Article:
THE FORBIDDEN ZOOM

November, 1983, Hotel des Invalides. It takes the 58 Beirut victims for television to think of form as more than a mere formality.

Whenever our rulers want to endow a particular event with symbolic meaning, television is involved. And each time a somewhat forgotten question needs to be asked: how to film a ritual - a question which is both very serious and inescapable. For it is when a symbolic spectacle has to be portrayed that television, and those in charge of it, remembers that the medium actually consists of sounds and images, of commentaries and voiceovers, of cameras moving across petrified bodies, of an incredibly precise apparatus, and of extras who occasionally are not just "anybody" since they become emblems. Yesterday an "Image of France" had to be carefully balanced and upheld on the Place des Invalides, a France composed of ordinary heads of state (Mitterand and all the ministers, but also Giscard and Chirac), of ordinary soldiers and of grief-stricken families (those of the 58 Beirut victims.)

Then - and only then - the television directors, the cameramen, and the sound engineers ask themselves, as they say, questions about "content." But they do it negatively, that is to say they make in advance a list of all the things that would be bad form. And because they "watch it" they begin to think about their practice.

Television has invented its own rituals (games, debates) but it is always somewhat uncomfortable when it comes to grafting itself on to pre-existing historic rituals, rituals that are deeply rooted in French history and already appear in paintings or engravings. Television tends to have a trivializing effect, to zoom in on anything as in a commercial, to diminish everything (hence the expression "small screen".) Thus, when faced with a religious service, a presidential visit to the Pantheon or a sounding of the last post, it rediscovers that its tools are not innocent or that, as people have been saying (in vain) for centuries, forms are heavy with content.

What exactly had to be avoided in the live coverage of this posthumous honouring of the 58 Beirut bodies "fallen for peace" (or for France?) Pathos, pomposity, obscenity, the obtrusive presence of politicians, gratuitous spectacle, and ostentatious virtuosity. No particular image should steal the limelight from the overall concept of the event (sobriety, grandeur, unity.)

As a way of reconciling the movement inherent in the medium and the static quality of the ritual, the director brought back an ancient technique rarely used on television: the dissolve (an image slowly melts into another; for example from a view of immobile soldiers to a shot of clouds moving across the grey sky above the Invalides.) To avoid superfluous emotion he showed very little of the singers or musicians in action. To avoid pathos he shot the families as if only in passing (hardly more than 10 shots), like inserts of silent grief, without unnecessary emphasis. To avoid boring static long takes, he cleverly varied angles, found complex circuits for the five cameras, etc.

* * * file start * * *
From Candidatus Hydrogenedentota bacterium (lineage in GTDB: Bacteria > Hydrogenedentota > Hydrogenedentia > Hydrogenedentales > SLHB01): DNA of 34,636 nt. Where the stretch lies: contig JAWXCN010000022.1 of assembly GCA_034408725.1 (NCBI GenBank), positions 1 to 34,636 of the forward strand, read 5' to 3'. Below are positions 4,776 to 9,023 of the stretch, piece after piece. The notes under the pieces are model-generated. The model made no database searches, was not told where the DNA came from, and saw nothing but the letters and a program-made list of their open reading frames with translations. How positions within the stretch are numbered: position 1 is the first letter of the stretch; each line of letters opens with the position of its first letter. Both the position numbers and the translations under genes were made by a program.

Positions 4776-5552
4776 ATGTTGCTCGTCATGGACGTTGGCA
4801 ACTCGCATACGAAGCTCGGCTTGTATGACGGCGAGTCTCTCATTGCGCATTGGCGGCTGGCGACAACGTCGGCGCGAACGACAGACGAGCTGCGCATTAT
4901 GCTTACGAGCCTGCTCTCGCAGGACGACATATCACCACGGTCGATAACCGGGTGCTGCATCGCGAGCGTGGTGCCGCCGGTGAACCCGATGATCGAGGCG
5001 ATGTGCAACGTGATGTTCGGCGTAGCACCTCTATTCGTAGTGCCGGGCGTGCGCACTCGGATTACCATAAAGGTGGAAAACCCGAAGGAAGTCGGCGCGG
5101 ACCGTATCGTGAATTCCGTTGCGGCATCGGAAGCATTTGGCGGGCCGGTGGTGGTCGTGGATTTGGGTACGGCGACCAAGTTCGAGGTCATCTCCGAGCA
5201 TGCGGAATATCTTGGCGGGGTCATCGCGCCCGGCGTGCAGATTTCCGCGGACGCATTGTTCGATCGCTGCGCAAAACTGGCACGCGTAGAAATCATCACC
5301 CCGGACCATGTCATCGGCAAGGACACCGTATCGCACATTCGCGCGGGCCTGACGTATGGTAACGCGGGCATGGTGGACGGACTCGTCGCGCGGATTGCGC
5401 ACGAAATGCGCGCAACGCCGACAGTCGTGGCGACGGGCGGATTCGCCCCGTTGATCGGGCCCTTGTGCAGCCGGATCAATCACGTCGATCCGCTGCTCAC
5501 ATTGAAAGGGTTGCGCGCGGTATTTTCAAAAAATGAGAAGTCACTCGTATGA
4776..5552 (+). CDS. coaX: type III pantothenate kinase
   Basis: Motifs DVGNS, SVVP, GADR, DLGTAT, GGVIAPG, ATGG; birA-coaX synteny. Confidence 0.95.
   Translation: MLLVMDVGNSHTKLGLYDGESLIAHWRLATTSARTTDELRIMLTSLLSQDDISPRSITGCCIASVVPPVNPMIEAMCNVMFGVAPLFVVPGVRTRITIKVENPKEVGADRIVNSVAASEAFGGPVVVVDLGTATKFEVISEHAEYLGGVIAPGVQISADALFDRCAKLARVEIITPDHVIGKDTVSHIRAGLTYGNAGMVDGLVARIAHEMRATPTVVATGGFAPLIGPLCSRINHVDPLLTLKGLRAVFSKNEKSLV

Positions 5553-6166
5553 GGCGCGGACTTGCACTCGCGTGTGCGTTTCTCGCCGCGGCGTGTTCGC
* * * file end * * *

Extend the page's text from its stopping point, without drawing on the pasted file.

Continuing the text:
We thus had the strange spectacle of a modern medium practicing self-censorship in order to respect an older (pictorial) genre: the patriotic painting or engraving of the late 19th century. What we saw was an 1883 scene filmed in 1983.

The most striking aspect of it, and for me the most symptomatic, was the almost total absence of forward zooms. In its daily (profane) usage, the zoom has become, more than a desire to signify or a stylistic figure, a kind of automatic reflex on the part of cameramen, devoid of meaning, and which only signifies that "this is TV." At the same time the forward zoom, with its insinuating and predatory character, continues to "have a meaning": that, to be precise, of a rape. Thus, by refusing this common prop, to zoom but backward, the television director had to practice old-fashioned "mise en scéne," to move constantly from the detail to the overall picture, but never the other way round, to "take charge" of the spectacle as it was originally planned, with its slow moments (punctuated by the clicking of cameras, footsteps, the discreet hum of live sound) and its "strong" moments (such as the simultaneous raising of the coffins or their odd wobbly departure on the shoulders of the paratroopers.)

In short, it took 58 victims and a national ritual for a television director to ponder, a little, the meaning of his practice. "Form," as we can see, is quite something.

Originally published in LIBERATION, November 3, 1983.

First published in English in FRAMEWORK #32/33.

Translated by Ginette Vincendeau.